James G. Combs
University of Alabama
Publications 72
Researchers recently pointed to family science as one avenue for better understanding business families. We submit, however, that leveraging family science will require building on what researchers...
#1James G. Combs (College of Business Administration)H-Index: 33
#2Peter Jaskiewicz (U of O: University of Ottawa)H-Index: 15
Last.David B. Balkin (CU: University of Colorado Boulder)H-Index: 34
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Abstract Family business researchers have felt increasing distress with the lack of understanding about how families – i.e., their structure, relationships, emotions, and goals – shape how families manage family firms, leading to calls to more fully incorporate “family science” theories about the nature of family into research about family firms. It seems likely that families' first impact in family firms will be on how employees are treated and managed. Thus, this special issue brings together ...
9 CitationsSource
#1Gary N. Powell (UConn: University of Connecticut)H-Index: 45
#2Jeffrey H. Greenhaus (Drexel University)H-Index: 51
Last.Kristen K. Shanine (MT: Middle Tennessee State University)H-Index: 2
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2 CitationsSource
#1Michelle L. Zorn (AU: Auburn University)H-Index: 4
#2Christine Shropshire (ASU: Arizona State University)H-Index: 8
Last.David J. Ketchen (AU: Auburn University)H-Index: 56
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Research summary: Corporate scandals of the previous decade have heightened attention on board independence. Indeed, boards at many large firms are now so independent that the CEO is “home alone” as the lone inside member. We build upon “pro-insider” research within agency theory to explain how the growing trend toward lone-insider boards affects key outcomes and how external governance forces constrain their impact. We find evidence among S&P 1500 firms that having a lone-insider board is assoc...
8 CitationsSource
#1Peter Jaskiewicz (Concordia University)H-Index: 15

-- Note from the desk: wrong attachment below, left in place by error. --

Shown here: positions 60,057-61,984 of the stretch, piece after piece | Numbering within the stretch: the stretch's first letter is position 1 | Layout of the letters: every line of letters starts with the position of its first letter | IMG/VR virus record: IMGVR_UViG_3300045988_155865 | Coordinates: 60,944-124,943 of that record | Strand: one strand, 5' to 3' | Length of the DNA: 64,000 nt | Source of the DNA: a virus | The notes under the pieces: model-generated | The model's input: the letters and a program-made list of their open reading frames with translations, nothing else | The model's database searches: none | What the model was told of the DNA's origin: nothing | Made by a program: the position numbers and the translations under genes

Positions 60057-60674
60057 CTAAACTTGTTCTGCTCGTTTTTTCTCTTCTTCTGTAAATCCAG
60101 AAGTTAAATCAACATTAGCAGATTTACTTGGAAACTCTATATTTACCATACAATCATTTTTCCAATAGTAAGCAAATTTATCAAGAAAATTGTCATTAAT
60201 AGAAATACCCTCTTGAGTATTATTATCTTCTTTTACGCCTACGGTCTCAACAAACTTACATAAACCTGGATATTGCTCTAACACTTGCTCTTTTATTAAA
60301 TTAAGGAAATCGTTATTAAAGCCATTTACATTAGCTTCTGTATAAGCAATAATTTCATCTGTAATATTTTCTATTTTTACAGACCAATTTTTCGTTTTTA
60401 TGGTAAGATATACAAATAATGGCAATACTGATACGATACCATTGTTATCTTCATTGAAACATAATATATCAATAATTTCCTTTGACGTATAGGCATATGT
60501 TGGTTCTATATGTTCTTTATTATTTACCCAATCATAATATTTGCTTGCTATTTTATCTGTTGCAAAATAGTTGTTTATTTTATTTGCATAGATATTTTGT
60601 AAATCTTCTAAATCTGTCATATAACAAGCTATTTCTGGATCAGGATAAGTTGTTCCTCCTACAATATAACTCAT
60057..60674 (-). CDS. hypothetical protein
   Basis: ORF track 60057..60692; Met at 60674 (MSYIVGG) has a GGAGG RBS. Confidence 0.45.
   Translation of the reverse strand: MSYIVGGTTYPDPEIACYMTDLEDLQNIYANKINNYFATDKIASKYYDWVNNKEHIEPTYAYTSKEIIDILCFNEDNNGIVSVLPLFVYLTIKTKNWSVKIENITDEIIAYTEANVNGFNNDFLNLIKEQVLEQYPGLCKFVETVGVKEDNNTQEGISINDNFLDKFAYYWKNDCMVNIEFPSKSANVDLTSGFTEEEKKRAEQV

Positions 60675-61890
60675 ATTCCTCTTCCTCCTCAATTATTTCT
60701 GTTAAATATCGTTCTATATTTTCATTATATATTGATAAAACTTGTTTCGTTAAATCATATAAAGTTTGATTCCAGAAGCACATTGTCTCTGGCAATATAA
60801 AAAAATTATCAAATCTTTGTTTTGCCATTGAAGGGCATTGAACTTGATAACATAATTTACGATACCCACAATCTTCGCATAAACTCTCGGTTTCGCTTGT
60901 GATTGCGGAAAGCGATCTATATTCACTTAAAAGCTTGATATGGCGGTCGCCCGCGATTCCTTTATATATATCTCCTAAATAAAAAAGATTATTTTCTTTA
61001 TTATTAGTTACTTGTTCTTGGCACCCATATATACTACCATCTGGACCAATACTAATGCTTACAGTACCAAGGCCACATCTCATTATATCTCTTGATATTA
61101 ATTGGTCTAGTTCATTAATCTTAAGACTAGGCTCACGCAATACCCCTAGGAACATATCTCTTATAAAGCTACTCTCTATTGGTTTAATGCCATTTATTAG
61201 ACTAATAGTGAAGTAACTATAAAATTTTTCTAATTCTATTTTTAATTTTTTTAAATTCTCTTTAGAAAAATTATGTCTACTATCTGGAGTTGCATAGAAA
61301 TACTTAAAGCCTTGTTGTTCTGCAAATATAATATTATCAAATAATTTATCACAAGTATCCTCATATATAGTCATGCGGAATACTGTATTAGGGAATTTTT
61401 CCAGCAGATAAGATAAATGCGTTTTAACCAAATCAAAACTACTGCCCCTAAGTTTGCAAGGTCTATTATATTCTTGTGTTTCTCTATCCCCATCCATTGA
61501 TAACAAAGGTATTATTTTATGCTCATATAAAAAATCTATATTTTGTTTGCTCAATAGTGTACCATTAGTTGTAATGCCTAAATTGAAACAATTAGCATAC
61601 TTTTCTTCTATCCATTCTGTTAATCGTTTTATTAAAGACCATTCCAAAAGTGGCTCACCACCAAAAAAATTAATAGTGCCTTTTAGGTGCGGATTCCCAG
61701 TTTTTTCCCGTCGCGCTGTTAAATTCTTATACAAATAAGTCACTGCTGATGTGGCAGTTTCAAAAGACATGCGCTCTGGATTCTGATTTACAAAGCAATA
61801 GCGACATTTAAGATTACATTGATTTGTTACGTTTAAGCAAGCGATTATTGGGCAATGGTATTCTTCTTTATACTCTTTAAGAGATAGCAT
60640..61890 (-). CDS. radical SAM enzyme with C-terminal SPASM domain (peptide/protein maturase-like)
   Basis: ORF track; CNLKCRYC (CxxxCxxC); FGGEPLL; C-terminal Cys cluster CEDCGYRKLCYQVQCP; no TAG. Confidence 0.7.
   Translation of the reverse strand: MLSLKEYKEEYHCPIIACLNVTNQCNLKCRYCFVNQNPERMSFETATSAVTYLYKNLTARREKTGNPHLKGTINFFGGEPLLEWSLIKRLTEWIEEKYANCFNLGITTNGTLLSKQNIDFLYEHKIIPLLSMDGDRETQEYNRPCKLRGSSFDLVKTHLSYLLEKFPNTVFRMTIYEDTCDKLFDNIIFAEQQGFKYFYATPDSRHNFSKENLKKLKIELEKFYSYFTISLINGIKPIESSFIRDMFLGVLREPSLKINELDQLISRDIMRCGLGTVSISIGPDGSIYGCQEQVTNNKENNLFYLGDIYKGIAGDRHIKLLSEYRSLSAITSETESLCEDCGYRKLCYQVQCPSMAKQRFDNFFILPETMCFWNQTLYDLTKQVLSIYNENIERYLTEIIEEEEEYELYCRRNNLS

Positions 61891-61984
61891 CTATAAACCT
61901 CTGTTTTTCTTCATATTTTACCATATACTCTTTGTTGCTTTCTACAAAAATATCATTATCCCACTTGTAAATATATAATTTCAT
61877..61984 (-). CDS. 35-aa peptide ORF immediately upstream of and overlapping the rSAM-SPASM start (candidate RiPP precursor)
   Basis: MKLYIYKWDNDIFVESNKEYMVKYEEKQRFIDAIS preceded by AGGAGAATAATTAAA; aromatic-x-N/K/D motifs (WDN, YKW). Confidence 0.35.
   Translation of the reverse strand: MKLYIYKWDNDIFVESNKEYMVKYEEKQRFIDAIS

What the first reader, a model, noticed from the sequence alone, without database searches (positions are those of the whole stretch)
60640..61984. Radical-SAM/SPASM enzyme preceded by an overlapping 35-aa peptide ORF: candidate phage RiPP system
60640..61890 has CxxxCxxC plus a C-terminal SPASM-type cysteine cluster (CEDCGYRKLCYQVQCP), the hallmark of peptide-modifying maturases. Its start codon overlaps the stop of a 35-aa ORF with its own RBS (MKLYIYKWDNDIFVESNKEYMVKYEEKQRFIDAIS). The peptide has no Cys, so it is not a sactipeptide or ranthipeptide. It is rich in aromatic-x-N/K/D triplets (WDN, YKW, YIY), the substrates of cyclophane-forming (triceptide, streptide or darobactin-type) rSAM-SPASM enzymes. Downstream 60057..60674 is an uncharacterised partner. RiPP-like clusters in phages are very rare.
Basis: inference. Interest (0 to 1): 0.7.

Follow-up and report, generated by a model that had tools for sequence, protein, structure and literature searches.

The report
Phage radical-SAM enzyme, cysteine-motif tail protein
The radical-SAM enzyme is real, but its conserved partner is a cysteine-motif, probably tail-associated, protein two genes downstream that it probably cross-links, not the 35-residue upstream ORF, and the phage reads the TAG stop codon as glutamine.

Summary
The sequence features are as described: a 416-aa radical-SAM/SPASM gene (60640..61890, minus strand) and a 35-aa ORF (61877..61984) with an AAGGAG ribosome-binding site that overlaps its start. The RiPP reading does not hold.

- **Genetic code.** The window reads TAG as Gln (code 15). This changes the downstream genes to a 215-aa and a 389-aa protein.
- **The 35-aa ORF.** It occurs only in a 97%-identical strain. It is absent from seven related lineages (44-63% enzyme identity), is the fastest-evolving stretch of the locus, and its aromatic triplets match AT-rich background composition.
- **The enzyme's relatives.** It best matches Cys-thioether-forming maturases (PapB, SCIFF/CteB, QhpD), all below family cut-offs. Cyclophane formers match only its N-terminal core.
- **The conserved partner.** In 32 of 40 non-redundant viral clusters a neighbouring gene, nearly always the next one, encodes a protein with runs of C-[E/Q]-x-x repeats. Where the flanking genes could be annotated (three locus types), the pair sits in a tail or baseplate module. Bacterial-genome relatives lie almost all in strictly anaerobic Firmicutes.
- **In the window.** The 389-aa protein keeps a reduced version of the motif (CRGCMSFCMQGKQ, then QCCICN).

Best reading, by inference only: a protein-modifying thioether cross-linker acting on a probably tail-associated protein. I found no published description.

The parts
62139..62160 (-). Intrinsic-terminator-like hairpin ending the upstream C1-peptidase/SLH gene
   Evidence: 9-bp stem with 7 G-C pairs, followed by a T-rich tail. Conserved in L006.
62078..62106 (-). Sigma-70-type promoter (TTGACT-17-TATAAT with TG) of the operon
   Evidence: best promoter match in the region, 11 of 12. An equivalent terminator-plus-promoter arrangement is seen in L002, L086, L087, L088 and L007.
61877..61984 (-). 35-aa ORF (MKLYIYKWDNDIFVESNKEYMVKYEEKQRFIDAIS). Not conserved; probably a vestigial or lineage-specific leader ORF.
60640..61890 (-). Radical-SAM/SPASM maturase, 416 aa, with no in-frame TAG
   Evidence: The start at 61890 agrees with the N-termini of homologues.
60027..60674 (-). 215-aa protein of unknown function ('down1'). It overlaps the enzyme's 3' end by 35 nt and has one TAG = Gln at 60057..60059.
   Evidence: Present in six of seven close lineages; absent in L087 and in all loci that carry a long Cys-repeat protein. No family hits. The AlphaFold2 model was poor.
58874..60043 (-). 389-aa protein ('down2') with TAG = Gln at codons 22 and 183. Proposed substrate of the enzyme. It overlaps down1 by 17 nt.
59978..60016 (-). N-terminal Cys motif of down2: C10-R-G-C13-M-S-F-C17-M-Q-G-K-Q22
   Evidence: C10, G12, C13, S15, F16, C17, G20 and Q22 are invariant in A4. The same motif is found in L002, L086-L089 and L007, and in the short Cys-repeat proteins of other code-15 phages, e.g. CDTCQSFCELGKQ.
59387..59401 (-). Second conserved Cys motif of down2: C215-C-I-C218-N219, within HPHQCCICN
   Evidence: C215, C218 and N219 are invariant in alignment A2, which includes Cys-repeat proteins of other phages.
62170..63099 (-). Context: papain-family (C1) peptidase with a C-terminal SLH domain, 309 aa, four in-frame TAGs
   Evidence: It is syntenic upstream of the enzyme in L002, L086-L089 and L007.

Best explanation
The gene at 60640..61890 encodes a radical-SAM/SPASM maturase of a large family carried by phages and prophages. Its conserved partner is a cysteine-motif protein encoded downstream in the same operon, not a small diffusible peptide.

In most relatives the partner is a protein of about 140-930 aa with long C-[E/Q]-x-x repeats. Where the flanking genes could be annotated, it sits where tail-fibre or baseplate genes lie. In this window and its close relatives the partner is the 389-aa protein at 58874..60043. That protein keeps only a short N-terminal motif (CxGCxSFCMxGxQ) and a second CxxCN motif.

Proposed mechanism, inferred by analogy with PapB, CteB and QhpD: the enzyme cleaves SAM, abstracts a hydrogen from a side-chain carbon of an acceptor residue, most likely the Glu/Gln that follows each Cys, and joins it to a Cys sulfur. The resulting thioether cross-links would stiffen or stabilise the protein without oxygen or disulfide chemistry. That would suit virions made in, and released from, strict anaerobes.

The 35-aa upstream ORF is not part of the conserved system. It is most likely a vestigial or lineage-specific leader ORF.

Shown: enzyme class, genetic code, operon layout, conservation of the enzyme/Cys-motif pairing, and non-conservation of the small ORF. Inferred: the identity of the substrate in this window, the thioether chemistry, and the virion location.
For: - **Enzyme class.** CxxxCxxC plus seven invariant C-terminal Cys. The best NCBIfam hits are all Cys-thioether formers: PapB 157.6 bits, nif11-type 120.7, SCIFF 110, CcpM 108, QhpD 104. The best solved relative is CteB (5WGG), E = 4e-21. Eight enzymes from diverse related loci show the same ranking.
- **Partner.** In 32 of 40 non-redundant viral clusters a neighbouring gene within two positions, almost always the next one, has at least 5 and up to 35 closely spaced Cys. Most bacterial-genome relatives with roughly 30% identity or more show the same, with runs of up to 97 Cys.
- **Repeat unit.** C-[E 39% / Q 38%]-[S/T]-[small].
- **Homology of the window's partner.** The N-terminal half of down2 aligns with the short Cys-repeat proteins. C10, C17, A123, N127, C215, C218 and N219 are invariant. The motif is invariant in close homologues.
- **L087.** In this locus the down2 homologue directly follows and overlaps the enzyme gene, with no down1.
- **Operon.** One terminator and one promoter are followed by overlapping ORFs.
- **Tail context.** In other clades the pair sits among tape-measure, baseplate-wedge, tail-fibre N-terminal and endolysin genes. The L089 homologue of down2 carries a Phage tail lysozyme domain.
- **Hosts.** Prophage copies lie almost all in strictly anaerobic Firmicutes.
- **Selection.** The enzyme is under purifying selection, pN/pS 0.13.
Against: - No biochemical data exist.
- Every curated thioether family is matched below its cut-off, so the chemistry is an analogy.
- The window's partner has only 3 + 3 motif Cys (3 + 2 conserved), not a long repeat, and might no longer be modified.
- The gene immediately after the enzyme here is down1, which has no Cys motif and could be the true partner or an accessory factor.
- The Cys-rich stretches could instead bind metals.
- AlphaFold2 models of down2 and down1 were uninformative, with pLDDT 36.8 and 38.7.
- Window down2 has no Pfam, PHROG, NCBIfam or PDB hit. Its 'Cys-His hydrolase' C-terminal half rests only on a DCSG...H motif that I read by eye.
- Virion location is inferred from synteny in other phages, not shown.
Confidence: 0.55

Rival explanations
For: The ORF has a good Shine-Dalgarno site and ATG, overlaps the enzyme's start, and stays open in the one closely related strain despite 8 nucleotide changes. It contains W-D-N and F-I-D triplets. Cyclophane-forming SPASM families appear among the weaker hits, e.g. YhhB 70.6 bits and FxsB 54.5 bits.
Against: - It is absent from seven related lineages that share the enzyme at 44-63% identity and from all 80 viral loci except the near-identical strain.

#2Joern H. Block (University of Trier)H-Index: 31
Last.James G. Combs (UA: University of Alabama)H-Index: 33
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Emerging evidence suggests that pay dispersion among non-CEO top management team (TMT) members harms firm performance, which raises questions about why firms’ owners tolerate or even support it. Prior research shows that the key distinction between founder and family owners is that in addition to firm performance and growth goals, family owners pursue socioemotional goals. On the basis of this distinction, we develop and test theory linking founders’ and families’ ownership to TMT pay dispersion...
14 CitationsSource
#1David J. Ketchen (AU: Auburn University)H-Index: 18
#2T. Russell Crook (College of Business Administration)H-Index: 20
Last.David J. Woehr (UNCC: University of North Carolina at Charlotte)H-Index: 29
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#1Peter Jaskiewicz (CUW: Concordia University Wisconsin)H-Index: 15
#2Joern H. Block (EUR: Erasmus University Rotterdam)H-Index: 31
Last.Danny Miller (U of A: University of Alberta)H-Index: 133
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Although large owners monitor managers effectively, they differ in important ways. Whereas founder owners focus on firm performance, family owners also pursue socioemotional goals. We leverage this distinction to theorize that family owners offer hired CEOs more incentive pay—to attract nonfamily CEOs, signal good governance, and achieve better firm performance. Without socioemotional wealth distractions, founder owners do not need high incentives and overusing them is counterproductive. Bayesia...
11 CitationsSource
5 CitationsSource